Rescuers had to airlift a rock climber out of Yosemite National Park after he suffered major injuries in a 30-foot fall Sunday, authorities said.
A 26-year-old man from Palo Alto, Calif. was climbing with a partner Sunday morning and was about halfway up the Higher Cathedral Spire, one of a series of near-vertical granite pinnacles, according to Officer Andrea Brown of the California Highway Patrol's Air Operations Division.
He reportedly fell about 30 feet and was unable to move without excruciating pain, Brown said.
CHP flight officers transported two members of the park's climbing-equipped rescue team to the location, dropping them one at a time from the helicopter to the climber, who was about 500 feet above the valley floor, Brown said.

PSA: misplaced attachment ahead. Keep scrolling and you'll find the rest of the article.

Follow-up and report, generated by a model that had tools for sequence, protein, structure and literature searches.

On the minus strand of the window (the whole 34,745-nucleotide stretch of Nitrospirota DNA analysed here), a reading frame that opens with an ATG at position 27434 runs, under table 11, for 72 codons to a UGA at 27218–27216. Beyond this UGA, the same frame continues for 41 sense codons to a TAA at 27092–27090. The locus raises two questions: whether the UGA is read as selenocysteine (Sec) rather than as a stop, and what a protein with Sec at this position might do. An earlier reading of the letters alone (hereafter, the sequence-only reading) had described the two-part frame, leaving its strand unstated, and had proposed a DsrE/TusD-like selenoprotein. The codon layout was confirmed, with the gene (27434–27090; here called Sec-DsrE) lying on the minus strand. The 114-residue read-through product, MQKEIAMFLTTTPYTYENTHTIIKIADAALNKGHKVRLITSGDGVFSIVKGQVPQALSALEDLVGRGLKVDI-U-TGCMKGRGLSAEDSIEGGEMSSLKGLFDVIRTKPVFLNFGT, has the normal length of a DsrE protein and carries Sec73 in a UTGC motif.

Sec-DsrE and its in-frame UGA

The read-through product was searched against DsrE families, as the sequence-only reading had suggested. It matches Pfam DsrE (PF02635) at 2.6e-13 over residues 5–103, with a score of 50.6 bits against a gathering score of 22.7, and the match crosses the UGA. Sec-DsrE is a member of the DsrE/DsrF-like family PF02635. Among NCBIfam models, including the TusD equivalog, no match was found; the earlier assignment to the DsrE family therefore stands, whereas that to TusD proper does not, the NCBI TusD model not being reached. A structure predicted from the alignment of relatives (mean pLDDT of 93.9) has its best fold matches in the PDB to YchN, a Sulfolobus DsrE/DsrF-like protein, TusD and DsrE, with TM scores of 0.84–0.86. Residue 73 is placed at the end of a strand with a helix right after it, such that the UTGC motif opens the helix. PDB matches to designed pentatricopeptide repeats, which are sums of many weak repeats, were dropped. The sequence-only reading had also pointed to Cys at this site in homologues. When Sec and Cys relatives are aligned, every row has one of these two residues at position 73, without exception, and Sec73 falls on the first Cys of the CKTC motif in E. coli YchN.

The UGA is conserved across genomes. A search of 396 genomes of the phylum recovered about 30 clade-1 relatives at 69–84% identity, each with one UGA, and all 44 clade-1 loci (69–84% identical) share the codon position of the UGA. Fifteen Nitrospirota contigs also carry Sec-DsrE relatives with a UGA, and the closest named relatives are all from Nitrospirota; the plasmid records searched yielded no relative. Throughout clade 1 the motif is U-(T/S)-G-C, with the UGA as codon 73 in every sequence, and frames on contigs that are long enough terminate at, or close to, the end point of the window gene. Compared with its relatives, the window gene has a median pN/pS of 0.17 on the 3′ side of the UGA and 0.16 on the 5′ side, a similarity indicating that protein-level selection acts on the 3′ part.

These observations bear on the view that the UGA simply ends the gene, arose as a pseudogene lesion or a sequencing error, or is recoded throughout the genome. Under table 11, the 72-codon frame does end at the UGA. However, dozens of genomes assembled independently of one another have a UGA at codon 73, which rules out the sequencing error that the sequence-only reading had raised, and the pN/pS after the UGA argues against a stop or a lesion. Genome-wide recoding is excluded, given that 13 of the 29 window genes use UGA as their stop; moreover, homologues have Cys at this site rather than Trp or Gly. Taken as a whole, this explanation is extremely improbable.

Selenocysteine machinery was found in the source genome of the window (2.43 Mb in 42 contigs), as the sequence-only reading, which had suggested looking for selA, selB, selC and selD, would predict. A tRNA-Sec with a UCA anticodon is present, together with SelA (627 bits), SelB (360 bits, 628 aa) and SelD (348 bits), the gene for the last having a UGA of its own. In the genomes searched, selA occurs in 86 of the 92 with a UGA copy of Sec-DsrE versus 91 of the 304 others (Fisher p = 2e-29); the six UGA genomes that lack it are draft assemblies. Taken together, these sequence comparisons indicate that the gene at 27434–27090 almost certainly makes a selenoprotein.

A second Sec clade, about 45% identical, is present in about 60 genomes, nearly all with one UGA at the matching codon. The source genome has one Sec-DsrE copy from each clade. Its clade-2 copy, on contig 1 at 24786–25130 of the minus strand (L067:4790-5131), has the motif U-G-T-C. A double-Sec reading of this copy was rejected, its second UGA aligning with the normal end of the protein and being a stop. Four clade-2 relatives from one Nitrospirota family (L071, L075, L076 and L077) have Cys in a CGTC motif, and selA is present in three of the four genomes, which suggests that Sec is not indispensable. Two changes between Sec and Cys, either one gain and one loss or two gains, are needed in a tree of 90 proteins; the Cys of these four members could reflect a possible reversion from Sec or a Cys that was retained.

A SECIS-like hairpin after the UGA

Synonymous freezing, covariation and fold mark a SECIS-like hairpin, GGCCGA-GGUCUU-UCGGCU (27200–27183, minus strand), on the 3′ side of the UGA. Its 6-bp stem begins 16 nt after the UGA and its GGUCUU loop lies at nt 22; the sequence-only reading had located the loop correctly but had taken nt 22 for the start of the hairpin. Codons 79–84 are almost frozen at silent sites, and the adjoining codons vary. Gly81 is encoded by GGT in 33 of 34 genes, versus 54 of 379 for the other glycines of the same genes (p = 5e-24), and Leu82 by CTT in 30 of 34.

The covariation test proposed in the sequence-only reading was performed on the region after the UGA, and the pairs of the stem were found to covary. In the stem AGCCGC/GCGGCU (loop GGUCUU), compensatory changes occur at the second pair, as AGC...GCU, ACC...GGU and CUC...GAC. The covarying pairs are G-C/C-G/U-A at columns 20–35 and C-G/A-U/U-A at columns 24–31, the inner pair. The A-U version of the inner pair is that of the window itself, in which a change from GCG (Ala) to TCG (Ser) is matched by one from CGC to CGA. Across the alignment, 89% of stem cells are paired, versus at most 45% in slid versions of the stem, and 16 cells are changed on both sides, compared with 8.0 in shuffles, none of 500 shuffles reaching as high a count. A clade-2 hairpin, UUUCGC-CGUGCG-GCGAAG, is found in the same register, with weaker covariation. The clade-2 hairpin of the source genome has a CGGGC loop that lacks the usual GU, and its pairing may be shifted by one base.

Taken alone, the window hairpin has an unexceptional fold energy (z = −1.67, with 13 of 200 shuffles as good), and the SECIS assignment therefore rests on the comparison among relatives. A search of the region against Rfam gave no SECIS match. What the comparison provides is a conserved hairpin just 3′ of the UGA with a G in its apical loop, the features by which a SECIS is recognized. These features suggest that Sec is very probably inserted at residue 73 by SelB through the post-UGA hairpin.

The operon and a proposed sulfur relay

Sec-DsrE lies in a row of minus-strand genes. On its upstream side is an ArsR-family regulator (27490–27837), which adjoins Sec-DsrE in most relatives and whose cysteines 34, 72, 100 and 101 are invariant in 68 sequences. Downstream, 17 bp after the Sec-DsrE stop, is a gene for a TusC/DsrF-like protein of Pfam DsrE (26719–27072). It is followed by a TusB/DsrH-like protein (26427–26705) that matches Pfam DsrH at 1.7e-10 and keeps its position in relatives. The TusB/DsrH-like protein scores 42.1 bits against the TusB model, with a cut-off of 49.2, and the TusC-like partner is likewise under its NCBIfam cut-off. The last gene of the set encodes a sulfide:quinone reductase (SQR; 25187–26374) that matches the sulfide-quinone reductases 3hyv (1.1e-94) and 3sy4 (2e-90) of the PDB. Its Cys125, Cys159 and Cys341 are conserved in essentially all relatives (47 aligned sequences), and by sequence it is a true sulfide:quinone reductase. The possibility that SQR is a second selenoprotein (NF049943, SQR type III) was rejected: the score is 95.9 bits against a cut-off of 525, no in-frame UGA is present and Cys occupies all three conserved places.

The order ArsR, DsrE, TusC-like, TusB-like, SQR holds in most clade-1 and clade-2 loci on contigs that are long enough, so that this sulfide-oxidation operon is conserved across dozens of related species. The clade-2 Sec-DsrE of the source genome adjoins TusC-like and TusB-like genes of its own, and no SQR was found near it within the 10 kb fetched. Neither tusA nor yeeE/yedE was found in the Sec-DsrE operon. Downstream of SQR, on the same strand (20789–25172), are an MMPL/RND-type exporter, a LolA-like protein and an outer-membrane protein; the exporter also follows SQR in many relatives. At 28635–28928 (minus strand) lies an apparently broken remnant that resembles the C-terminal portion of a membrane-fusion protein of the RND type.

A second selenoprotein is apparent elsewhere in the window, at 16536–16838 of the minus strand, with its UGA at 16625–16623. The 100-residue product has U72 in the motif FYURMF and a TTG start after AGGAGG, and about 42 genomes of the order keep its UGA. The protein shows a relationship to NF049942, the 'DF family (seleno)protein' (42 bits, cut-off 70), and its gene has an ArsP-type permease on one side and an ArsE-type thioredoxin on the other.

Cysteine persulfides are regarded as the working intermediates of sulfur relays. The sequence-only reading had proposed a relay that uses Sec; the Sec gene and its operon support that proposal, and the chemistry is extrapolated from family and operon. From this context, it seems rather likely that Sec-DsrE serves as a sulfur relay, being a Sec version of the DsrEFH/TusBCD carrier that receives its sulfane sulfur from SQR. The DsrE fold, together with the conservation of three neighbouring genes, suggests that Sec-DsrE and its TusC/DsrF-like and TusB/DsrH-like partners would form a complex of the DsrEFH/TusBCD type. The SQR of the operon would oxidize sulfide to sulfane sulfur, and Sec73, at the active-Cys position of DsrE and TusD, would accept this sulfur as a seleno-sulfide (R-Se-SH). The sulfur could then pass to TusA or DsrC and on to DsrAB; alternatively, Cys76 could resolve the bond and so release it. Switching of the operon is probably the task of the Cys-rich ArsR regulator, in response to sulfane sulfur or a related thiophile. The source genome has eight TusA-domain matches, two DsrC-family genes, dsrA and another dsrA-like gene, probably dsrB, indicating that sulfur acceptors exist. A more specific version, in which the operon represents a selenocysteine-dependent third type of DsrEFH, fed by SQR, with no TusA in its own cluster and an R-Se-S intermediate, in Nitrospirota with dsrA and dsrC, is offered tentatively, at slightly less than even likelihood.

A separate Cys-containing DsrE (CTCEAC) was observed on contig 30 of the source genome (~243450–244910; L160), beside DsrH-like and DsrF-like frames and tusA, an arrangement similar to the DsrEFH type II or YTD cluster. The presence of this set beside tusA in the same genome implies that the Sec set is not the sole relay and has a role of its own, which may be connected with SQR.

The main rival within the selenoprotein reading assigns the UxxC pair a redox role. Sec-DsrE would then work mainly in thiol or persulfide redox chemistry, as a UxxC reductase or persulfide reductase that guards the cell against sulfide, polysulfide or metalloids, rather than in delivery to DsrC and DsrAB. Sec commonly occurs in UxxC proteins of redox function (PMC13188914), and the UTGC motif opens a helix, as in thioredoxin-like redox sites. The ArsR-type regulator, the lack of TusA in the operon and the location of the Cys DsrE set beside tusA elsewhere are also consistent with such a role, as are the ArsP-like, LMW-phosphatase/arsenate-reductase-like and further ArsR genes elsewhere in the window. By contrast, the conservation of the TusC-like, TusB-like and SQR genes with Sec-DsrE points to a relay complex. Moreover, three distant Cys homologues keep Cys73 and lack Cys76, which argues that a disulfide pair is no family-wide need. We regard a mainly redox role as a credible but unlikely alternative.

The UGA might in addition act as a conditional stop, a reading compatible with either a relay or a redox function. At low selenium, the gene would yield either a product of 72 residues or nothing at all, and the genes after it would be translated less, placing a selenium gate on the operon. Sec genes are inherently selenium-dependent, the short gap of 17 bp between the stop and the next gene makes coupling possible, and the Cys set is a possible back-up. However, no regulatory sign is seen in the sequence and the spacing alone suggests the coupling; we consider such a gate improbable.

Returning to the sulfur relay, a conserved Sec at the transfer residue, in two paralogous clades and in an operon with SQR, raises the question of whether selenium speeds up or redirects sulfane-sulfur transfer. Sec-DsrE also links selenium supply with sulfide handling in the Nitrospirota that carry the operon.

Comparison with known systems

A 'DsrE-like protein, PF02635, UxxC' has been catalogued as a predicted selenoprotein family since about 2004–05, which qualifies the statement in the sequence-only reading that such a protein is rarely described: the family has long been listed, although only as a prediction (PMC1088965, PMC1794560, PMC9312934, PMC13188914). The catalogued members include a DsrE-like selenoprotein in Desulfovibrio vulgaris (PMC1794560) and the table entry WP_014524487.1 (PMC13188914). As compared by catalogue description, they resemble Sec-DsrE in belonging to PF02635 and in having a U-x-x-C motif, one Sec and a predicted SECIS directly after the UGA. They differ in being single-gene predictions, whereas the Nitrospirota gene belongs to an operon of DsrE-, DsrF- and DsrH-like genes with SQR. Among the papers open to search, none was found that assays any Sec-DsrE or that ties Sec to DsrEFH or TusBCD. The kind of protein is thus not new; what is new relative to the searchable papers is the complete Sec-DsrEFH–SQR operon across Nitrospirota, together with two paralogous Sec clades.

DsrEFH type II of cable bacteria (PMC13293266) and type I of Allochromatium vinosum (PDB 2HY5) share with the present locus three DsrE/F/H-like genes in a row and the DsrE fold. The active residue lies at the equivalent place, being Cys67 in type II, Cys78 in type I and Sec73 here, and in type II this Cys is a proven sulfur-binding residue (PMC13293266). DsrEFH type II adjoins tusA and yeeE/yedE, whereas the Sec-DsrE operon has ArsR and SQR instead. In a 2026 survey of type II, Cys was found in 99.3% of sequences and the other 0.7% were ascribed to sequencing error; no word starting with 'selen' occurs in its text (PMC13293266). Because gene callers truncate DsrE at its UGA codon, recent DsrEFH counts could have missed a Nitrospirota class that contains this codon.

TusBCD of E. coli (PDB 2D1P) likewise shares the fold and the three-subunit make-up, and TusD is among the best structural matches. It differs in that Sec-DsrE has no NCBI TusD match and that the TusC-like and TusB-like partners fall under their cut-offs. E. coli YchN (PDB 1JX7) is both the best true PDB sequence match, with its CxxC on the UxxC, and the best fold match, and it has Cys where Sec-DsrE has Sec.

Despite strong winds in Yosemite Valley, rescuers were able to secure the man in an air splint so he could be hoisted up by helicopter.
Fortunately, Brown said, rescuers were able to avoid lowering him down the craggy slope on foot.
"He was wide awake, he gave me a thumbs up and he was OK," said Brown, who treated him on the chopper.
When they arrived at El Capitan Meadow, a medivac helicopter was waiting to transport the man to a Modesto hospital.
Brown said this was the second helicopter rescue in Yosemite within a week.
Last Tuesday, CHP pilots had to help evacuate a hiker on Tenaya Creek, just upstream from Mirror Lake, after she hurt her back while hiking in rough terrain.
[For the Record, 3:40 PDT April 21: An earlier version of this post said that the climber was about 1,000 feet above the valley floor. Actually, it was 500 feet.]